An FTTN connection, or Fiber Optic to the Neighborhood, uses fiber optic cables to bring an internet connection within a one-mile radius of serviceable homes and businesses. From there, DSL lines carry the data signals into homes and businesses.

FTTN networks are potentially the worst situation for receiving the best speeds that fiber optic internet has to offer. Homes that are located further from the hub will have weaker signals. DSL lines are used in conjunction with the fiber-optic network to bring the signal from the hub into each home.

This allows for more interference and breakdown in the signal before it reaches the user, which translates to slower speeds.

Pros and Cons of Fiber Optic Internet

With all of the hype surrounding the novelty of being able to get unmatched fiber optic internet speeds directly to the home, it is hard to imagine there are downsides. Before you write that check to get fiber-optic installed to your home, let’s take a look at both sides.

Pro: Fiber Optic Cable is Highly Scalable

Existing fiber optic cable networks can handle bandwidths of 100 times faster than current internet speeds. As technology continues to develop, fiber optic cable will be able to handle the additional demand without compromising performance.

Pro: Unmatched Speeds

Actual speeds vary by provider, package, and connection type. With modern copper wired cable internet reaching speeds up to 50 Mbps, fiber optic outperforms them by every measure starting at speeds of 1 gig per second.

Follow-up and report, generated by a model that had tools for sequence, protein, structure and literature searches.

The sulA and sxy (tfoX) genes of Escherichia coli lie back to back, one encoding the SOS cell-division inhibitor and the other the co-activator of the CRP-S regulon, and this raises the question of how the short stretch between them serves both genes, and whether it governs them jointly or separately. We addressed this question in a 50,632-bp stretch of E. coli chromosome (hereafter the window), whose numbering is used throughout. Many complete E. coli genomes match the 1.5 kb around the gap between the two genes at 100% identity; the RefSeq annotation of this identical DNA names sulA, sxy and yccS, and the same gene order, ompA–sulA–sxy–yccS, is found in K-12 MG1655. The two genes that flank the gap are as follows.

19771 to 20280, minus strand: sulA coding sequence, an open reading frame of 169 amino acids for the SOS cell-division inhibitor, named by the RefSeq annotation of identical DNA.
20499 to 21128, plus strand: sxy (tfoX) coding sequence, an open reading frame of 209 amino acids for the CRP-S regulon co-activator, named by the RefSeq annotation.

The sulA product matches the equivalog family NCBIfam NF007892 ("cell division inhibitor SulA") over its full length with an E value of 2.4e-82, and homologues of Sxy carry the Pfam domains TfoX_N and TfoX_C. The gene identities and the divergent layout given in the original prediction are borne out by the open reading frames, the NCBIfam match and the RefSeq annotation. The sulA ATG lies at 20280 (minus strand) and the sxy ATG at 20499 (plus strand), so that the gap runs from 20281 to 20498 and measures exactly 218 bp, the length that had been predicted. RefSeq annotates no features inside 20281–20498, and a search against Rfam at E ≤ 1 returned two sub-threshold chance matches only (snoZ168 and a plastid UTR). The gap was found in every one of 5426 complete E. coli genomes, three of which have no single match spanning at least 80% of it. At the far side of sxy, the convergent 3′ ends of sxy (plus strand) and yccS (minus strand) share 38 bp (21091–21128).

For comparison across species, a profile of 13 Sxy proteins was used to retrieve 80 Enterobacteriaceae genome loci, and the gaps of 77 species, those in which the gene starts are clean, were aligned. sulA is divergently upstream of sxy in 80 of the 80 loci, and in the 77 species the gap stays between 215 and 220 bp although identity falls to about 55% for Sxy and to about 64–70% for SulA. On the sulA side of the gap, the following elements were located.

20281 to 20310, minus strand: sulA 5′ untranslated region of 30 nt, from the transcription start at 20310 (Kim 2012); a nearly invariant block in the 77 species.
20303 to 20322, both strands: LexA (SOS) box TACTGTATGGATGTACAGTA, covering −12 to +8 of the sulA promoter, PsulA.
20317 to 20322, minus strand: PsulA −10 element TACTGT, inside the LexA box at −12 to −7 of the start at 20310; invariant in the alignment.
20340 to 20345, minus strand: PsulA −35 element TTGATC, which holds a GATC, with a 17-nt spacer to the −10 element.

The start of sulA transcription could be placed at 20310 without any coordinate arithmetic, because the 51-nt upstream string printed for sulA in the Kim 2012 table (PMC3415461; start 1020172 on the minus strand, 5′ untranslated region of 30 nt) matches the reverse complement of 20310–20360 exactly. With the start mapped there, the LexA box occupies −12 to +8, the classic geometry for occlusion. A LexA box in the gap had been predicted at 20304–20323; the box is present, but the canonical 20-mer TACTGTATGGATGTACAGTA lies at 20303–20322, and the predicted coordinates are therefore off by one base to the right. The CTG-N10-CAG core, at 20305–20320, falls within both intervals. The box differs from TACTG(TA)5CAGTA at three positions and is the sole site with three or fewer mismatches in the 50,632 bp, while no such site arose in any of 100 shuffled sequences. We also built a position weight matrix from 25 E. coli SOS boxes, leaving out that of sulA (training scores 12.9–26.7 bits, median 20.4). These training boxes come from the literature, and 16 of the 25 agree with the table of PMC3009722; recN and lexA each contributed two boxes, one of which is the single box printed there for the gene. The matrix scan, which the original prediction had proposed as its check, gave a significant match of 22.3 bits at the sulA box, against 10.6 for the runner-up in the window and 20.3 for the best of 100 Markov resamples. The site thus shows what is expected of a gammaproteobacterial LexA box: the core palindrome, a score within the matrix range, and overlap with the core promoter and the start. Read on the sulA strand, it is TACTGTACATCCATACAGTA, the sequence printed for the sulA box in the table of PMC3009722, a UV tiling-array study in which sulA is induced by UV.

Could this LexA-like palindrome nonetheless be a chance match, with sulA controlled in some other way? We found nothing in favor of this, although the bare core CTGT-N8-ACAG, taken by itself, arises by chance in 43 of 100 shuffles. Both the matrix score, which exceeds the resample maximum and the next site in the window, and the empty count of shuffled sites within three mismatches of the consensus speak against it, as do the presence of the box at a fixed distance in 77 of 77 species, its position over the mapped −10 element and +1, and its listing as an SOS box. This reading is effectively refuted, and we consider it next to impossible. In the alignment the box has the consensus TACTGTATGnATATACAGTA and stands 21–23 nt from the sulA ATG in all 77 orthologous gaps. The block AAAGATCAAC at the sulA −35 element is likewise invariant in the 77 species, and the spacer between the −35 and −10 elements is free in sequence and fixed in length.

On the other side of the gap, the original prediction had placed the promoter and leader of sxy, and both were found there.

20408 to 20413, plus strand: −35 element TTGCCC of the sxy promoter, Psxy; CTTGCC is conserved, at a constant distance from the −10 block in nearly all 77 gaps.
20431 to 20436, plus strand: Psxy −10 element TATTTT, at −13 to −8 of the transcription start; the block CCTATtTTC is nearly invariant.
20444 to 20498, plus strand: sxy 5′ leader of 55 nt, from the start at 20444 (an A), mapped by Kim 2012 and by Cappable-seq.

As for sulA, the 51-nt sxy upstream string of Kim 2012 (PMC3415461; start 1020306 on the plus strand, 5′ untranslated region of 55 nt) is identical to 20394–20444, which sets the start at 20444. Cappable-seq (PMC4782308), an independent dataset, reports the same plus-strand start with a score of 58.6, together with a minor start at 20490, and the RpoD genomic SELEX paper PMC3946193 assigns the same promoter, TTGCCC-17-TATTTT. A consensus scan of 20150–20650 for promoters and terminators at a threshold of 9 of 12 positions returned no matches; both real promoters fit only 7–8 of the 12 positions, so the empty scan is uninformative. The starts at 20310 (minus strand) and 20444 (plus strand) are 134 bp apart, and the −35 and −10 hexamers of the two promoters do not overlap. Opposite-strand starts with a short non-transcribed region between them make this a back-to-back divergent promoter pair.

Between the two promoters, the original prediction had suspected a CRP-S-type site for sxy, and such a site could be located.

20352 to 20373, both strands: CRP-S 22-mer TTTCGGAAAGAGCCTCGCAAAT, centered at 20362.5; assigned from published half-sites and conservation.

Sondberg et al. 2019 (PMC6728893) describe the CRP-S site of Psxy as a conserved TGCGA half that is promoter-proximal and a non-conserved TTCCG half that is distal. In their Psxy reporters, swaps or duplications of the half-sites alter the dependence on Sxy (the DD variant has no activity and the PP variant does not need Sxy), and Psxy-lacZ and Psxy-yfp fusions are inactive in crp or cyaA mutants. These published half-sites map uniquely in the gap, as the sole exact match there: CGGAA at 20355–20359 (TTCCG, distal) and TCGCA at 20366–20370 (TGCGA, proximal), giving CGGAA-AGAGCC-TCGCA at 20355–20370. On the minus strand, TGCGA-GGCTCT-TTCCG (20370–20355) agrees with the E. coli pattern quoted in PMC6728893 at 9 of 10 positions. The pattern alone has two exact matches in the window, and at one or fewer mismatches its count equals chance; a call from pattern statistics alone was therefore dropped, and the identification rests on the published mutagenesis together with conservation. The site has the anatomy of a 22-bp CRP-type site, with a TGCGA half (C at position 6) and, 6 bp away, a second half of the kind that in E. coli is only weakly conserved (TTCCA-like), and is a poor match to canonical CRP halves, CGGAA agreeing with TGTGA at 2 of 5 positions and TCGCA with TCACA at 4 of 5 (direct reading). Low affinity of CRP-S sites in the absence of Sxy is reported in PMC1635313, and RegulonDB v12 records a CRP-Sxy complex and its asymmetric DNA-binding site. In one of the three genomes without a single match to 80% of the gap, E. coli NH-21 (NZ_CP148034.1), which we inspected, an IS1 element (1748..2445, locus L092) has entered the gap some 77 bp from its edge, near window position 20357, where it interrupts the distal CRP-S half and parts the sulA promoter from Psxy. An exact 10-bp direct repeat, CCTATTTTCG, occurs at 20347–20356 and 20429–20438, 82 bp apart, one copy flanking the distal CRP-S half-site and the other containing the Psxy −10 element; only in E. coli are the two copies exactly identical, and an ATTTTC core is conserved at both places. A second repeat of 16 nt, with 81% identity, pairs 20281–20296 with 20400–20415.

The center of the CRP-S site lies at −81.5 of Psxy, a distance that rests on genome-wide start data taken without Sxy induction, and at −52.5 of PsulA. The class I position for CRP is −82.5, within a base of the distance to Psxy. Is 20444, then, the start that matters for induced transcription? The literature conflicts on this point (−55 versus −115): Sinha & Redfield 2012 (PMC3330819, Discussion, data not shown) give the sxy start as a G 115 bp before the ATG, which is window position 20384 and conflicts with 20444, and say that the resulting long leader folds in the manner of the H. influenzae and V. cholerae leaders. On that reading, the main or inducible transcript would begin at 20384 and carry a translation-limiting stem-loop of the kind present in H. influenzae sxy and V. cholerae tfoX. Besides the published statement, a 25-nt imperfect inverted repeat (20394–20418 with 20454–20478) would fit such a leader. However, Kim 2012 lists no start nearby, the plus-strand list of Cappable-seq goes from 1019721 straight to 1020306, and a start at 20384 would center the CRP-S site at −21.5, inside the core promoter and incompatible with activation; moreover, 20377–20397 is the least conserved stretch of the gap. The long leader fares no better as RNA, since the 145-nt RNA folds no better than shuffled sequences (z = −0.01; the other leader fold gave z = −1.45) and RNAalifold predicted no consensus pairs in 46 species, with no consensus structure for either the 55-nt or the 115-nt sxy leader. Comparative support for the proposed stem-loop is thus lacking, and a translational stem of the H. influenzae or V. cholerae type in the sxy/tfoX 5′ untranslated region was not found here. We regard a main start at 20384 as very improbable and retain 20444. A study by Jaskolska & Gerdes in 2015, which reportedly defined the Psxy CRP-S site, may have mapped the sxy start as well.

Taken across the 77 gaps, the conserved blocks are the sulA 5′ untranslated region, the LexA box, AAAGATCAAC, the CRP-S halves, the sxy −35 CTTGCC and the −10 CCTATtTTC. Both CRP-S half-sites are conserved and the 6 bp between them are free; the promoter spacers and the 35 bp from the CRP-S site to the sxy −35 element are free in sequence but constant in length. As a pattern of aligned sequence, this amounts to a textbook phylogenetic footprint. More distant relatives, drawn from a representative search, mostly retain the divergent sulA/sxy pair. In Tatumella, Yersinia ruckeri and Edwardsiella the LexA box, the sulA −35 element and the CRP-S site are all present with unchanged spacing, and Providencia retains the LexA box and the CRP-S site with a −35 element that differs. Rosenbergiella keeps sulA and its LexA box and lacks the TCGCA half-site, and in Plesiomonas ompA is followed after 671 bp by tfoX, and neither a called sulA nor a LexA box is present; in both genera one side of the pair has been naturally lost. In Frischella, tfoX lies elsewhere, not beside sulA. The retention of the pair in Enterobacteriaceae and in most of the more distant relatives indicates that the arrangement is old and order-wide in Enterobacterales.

Pro: Immune to Electrical Interference

DSL, cable, and wireless are all susceptible to electrical interference from storms or disruption in the lines. This leads to slow service or possibly even outages depending on the service and the situation. Fiber optic internet uses an entirely different type of technology and is not adversely affected by the weather.

Con: Expensive to Install

Depending on the type of fiber used and how far you need to run the cable, costs to install fiber optic cable can vary quite a bit. Estimates suggest that the average costs range from $1 to $6 per foot to install.

The problem is that most consumers do not need the additional bandwidth offered by fiber optic. Modern cable internet connections, which are already in place, are serving them just fine. The added cost of installing fiber optic cable is not cost-effective as long as there is another viable option for household broadband service.

Con: More Fragile than Coaxial Cable

Generally speaking, copper wire is a more durable material compared to fiber optic cable. Too much bending and twisting and fiber optic cable break fairly easily. Over time, fiber optic cable will require more maintenance than traditional copper wiring, which drives up the cost of providing fiber optic internet.

If you are among the 25% of US residents who have access to a fiber optic internet connection, it may be the thing your speed surfing dreams are made of. But for most consumers, the speeds available via fiber optic are just not necessary.

Availability of Fiber Optic Internet

FTTH networks that bring fiber optic internet with its lightning-fast speeds directly into a home or business are the best (meaning fastest) internet connection that money can buy in 2020. Faster speeds have been synonymous with ‘better’ internet since the beginning of digital transmission.